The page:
- Physical Response: You can listen to instructions about how to do something, and follow the instructions. Relating sounds to movements helps you remember the sounds. So does listening to the sounds many times and repeating the movements. For example you can buy an English fitness video and listen and follow the instructions, and get fit at the same time.

- Prediction: You can predict what someone is going to say by the topic of the conversation and your knowledge of that person's opinions. Listening to confirm what you predict is easier than listening and trying to understand everything. For example, if you are watching a film or TV programme about lawyers, you can predict that the defense lawyer will say that his client is "Not guilty.", and give reasons. Here are some phrases and predictions about the words that will follow:

  • "I think" + an opinion.
  • "I'm afraid that " + bad news.
  • "Next," + another topic or point.
  • "Finally," + a last topic or point.
  • "But" + disagreement.

- Preparation: you can listen to the news in your own language, then listen to it in English. Listening in your own language will help to predict what topics and vocabulary will be in the English news. Click here for the BBC news in English.

- Motivate yourself: for example if you like movies or music, you can practise listening to them. CILL has a large collection of movies, and some songs on CD.

If you are a member of CILL, you can use our tapes, CDs and listening exercise books.

Listen to your classmates, for example when they are practising their presentations. Ask them questions to check that you have understood correctly; e.g. "You said that this is a new development in the field. When did it happen?"

You can chat to CILL tutors when you visit CILL, and practise your oral.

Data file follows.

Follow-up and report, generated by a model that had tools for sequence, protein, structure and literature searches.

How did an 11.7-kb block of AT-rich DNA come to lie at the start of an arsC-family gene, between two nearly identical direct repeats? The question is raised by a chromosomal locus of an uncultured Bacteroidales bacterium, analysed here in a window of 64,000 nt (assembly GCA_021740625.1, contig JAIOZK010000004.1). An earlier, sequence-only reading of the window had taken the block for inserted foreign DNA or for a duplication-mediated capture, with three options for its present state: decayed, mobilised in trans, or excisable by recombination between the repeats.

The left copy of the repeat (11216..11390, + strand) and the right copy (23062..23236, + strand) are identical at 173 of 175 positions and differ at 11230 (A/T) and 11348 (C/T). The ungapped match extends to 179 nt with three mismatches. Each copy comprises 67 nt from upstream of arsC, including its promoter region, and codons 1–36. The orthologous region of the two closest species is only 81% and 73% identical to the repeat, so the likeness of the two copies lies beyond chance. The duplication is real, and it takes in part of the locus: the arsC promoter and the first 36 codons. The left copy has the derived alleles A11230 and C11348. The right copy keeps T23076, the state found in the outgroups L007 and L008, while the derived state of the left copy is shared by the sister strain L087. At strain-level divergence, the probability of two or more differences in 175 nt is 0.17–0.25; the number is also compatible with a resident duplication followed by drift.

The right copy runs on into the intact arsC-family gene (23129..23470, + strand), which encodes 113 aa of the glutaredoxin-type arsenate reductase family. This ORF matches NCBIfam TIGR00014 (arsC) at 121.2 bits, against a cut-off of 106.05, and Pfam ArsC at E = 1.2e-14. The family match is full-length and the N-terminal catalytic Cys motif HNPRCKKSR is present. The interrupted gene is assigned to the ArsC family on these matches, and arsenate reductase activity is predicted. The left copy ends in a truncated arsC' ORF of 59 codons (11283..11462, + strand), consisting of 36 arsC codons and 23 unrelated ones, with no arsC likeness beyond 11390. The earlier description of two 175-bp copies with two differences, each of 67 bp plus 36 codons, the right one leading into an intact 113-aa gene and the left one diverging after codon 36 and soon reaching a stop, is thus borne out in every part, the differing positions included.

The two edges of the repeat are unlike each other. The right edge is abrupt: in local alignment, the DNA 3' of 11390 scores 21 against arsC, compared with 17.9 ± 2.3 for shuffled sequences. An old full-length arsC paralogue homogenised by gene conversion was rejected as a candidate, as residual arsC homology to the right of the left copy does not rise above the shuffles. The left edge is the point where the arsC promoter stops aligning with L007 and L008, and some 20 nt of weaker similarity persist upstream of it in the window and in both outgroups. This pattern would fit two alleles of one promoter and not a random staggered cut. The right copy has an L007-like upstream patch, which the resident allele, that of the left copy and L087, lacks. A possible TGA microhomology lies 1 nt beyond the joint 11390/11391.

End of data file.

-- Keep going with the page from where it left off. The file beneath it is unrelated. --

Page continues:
Testing


You can test your listening skills by listening to video or tape, and writing down the main points. You can watch videos and compare what you hear to a script. You can find some film and TV scripts on the Internet by searching for the title of the film or TV program, or by clicking here.

If you are a member of CILL, you can use our tapes, CDs and listening exercise books.

 

Further Planning


When you have finished your plan you need to test or assess yourself to see if you have fulfilled your need. Can you do what your Needs Analysis and your plan aimed for?
- If you can, then you can plan to learn another point from your Needs Analysis, or you can change it because of some new thing that you want to learn. Don't forget to come back and revise later.
- If you can't, you need to study more, so change your plan. You could, for example, do some of the Alternative Materials or Extra Materials if you are following a learner pathway. If you are bored you can do something else and come back later.

For more details on how you can test yourself, click here. The learner pathways also have details on how you can test yourself. Click here for an example.

If you have achieved your aim from your needs analysis, then you can plan to learn another point from your Needs Analysis, or you can change it because of some new thing that you want to learn. Don't forget to come back and revise later.

If you need to study more, change your plan. You could, for example, do some of the Alternative Materials or Extra Materials if you are following a learner pathway. If you are bored you can do something else and come back later.

 

Last updated on: Thursday, May 30, 2013